It’s a bird. It’s a plane. It’s … a stripper? Granted, not exactly high heroics here, but some “strippers” at the Deja Vu club in Nashville were suspicious of $100 bills and called the police after a patron spent $600 of them. The man, who “authorities say used his computer to make fake $100 bills to buy lap dances at the strip club, has pleaded guilty to counterfeiting charges,” according to the article. Taking a byte out of crime!
“PBS conflicted over adult language in Ken Burns’ ‘War,’” is the title of this article which appears in today’s edition of the San Francisco Chronicle (and which I found via The Legal Reader). John from TLR comments, “We’re being governed by a regime heavily beholden to fundamentalist Christian interests which would, if allowed, be just as repressive as the Taliban was in Afghanistan.” Amen. Just knowing that the government is spending tax dollars on such misguided, silly censorship efforts makes me want to throw a tea party at the Boston Harbor. Good grief. Can you say, Distraction?
After almost a decade of court battles and unsuccessful attempts to shut down the only strip club in La Habra, city officials announced this week that they would pay the owner $5.2 million to get out of town. As part of the settlement, the city will buy the property for $3 million. The city made the offer Aug. 6 during the Orange County Superior Court trial of a lawsuit against the city filed by Badi “Bill” Gammoh, owner of the Taboo Gentlemen’s Club. The City Council approved the deal Monday.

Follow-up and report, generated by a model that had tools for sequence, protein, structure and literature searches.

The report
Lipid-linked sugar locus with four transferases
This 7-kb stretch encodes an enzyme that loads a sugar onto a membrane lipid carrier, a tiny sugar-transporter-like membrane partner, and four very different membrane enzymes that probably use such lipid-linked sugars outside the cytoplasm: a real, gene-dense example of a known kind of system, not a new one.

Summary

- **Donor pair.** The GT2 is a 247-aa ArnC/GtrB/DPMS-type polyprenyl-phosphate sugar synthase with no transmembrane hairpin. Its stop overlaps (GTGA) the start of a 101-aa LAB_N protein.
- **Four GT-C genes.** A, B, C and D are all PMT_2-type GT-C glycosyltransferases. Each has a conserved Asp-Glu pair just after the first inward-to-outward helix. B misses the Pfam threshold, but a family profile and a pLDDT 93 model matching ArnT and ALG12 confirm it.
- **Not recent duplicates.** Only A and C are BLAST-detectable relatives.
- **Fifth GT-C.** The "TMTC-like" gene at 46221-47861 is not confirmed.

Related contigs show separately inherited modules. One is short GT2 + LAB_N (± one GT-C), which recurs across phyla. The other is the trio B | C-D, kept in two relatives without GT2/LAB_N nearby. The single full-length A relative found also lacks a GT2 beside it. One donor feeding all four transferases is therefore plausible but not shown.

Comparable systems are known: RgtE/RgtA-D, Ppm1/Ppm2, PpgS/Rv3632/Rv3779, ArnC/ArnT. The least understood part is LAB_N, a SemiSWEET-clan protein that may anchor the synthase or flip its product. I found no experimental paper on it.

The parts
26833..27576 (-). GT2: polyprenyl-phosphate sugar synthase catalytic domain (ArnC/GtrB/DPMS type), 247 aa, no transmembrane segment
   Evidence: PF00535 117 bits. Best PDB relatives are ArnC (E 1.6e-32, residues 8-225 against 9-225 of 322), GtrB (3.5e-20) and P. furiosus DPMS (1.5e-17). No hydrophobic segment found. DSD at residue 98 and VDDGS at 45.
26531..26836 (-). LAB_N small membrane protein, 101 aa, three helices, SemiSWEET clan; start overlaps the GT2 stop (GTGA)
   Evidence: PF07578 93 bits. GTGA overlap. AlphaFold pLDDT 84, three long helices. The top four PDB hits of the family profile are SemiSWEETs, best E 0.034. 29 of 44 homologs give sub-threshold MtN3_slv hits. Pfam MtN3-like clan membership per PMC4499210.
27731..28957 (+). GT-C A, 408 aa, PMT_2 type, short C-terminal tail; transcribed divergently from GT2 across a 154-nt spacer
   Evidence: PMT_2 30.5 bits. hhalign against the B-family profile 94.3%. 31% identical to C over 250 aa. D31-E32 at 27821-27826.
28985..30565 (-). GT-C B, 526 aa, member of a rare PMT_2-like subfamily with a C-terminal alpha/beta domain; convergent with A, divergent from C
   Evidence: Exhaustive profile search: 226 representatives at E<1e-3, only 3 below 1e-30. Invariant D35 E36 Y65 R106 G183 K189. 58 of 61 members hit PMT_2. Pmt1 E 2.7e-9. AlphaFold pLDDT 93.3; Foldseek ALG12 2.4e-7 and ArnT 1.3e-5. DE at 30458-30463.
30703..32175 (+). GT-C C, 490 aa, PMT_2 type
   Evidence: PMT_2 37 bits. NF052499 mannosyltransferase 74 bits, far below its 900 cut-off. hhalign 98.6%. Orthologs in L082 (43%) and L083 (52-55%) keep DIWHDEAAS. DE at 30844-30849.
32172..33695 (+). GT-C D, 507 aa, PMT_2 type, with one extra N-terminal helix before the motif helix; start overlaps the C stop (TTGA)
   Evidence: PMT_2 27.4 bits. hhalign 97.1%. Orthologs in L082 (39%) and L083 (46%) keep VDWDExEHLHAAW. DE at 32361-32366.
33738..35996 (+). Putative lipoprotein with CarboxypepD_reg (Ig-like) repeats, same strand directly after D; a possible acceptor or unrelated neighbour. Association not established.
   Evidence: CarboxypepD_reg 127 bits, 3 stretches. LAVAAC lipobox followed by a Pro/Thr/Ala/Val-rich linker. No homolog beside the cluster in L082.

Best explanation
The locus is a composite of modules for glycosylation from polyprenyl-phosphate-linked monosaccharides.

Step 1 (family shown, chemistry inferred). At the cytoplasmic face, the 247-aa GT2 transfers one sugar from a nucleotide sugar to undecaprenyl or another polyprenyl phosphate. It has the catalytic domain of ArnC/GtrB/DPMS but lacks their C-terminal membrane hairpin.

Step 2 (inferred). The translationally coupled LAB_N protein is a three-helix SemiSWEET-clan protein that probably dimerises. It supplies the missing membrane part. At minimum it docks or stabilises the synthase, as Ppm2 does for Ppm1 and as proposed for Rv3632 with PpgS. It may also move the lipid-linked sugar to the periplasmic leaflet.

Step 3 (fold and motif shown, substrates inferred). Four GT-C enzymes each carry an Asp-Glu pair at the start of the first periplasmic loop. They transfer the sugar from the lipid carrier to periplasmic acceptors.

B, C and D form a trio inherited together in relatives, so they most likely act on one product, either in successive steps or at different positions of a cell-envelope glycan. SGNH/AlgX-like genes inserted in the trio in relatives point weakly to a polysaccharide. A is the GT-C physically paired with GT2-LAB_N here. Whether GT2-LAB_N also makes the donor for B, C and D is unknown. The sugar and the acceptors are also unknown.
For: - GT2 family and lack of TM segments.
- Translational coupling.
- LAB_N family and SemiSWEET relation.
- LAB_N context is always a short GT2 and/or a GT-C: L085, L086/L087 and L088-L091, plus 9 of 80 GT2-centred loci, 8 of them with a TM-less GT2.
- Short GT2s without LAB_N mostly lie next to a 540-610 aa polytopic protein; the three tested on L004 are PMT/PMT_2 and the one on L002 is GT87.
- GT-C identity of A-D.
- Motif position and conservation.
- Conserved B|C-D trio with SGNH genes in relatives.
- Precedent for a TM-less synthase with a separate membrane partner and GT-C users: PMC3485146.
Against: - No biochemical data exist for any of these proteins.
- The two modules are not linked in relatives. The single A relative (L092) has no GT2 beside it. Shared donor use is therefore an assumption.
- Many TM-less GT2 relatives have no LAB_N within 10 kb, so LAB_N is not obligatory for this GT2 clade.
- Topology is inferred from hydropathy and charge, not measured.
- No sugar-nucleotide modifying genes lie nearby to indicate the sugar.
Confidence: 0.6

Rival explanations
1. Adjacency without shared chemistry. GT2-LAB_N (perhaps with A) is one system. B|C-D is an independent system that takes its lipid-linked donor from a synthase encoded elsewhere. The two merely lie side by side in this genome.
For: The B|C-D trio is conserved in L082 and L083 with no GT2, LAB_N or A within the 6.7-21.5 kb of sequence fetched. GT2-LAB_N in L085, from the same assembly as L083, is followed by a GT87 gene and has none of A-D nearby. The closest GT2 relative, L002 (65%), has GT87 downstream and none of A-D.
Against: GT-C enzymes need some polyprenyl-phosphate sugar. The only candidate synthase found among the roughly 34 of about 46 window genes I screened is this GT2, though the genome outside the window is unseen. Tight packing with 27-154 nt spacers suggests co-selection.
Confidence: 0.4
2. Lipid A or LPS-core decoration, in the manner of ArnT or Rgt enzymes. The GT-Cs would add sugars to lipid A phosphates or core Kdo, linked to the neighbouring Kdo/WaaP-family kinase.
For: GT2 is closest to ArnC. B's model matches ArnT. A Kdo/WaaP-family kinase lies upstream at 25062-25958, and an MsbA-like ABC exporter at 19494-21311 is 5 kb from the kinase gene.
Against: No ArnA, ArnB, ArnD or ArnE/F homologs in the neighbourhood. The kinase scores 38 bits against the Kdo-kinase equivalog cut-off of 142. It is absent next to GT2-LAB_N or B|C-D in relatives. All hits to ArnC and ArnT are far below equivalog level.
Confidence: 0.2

Divorces can get messy. Someone taught me that the fairest way to handle a contested divorce is simple: Let Party A draft two lists which divide the community property, and let Party B pick which list to take. You can see the logical appeal. (Yes, I know that you can’t cut the dog in half; it’s probably been litigated and coined an “inadequate” remedy.) My point is this: the legal system (and the current billable-hour method for navigating this system) does not always promote efficient solutions to property disputes. Whether Party A is entitled to the house and car, or whether Party B is entitled to the entire dog, are hard questions. And yes, the courts can answer these questions. But you’ve got to know the endgame, and you’ve got to ask who you’re going to hurt along the way. I think the citizens of La Habra were well-represented here.